What it is: A sleeper entry in the popular mid-sized crossover category.
Starts at $22,345 / 23 MPG city / 28 MPG highway
What’s worth knowing: Mitsubishi is a bit player in the U.S. car market, with less than one percent market share. But it still builds some capable automobiles, such as the tricked-out Lancer Evolution sedan, which consistently ranks among the best performance cars under $40,000. The Outlander is a mid-sized, family-style crossover, with a Sport model that’s a big lighter and nimbler starting at about $19,000.
Who it’s for: Drivers who want to stand out from the me-too crowd of genteel crossovers that now populate the roads. The Outlander’s mouthy front fascia is more snarling than cute, and its bold design suggests that it’s really more of an SUV.
What’s good: The Outlander has one feature valuable to families: A fold-flat third-row seat on most models, which boosts capacity to seven when you need it. The third seat is cramped, but perfectly adequate for short trips with a handful of kids. The optional all-wheel drive system lets you switch between two- and four-wheel drive modes, which lets you get the better fuel economy that comes with two-wheel drive most of the time, while engaging all four wheels when the weather gets mucky. The Sport model is fun and stylish, with a five-speed manual transmission available for those who still appreciate shifting.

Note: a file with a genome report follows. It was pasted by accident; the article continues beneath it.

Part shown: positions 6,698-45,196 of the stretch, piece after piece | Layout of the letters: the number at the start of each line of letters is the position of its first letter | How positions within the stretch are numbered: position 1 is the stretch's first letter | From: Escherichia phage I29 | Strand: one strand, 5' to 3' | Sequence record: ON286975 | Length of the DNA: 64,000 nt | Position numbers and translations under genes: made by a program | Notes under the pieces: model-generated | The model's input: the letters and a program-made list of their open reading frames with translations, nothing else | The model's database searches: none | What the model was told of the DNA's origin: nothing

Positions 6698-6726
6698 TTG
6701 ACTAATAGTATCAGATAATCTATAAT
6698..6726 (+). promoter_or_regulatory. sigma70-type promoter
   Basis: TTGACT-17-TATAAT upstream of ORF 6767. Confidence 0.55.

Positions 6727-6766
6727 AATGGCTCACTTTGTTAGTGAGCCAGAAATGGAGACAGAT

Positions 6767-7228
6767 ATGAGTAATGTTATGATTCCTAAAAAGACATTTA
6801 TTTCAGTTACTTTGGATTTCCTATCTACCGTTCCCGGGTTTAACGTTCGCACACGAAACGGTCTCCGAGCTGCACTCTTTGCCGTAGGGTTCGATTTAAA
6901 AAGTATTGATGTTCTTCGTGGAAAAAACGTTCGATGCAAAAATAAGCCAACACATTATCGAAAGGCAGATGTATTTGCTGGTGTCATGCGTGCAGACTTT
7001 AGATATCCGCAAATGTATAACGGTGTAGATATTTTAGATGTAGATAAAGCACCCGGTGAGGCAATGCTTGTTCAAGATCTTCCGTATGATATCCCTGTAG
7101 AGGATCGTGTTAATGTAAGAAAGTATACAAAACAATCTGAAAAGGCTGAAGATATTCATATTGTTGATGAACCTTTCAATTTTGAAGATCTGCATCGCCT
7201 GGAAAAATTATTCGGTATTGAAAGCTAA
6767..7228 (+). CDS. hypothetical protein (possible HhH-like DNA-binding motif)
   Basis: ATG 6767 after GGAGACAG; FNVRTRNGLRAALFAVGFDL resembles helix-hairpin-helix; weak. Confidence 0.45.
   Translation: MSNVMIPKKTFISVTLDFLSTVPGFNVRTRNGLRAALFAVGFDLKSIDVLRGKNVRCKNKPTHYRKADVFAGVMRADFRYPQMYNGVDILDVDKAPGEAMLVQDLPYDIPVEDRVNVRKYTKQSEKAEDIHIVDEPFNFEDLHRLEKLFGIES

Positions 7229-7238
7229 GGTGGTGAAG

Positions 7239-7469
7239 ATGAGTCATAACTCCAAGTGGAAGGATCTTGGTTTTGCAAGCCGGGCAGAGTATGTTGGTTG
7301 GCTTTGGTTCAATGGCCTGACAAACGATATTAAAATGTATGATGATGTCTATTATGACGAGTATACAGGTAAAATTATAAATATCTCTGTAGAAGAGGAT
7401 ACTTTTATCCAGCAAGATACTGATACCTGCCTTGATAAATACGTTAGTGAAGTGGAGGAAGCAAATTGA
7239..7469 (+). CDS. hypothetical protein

What’s bad: Parts of the interior feel cheap, with lightweight plastics and artless styling. Mitsubishi also has fewer dealers than other brands, which can be a problem if you need service only the dealer can handle.
How it stacks up: The Outlander isn’t quite as refined as class leaders like the Toyota RAV4 or the Honda CR-V. But if you want the third row, it may be the cheapest choice among mid-sized crossovers. The other three-row vehicles in this price range are the RAV4 and the Kia Sorento, which both offer a third row only on more expensive trim lines, plus the Mazda5, which is more like a minivan. The Outlander’s 10-year/100,000-mile warranty beats all competitors, except for Hyundai and Kia.
What to do if you want one: The Outlander’s distinguishing features are the third-row seat, the ability to toggle between two- and four-wheel drive, and styling that’s more rugged than some competitors. Decide if those things are important to you. If not, another crossover is probably a better value.
Rick Newman is the Chief Business Correspondent for U.S. News & World Report and a longtime car buff. He reviews automobiles here on a regular basis, as well as writing about all things vehicular. Below is his "micro-review" of the 2011 Mitsubishi Outlander.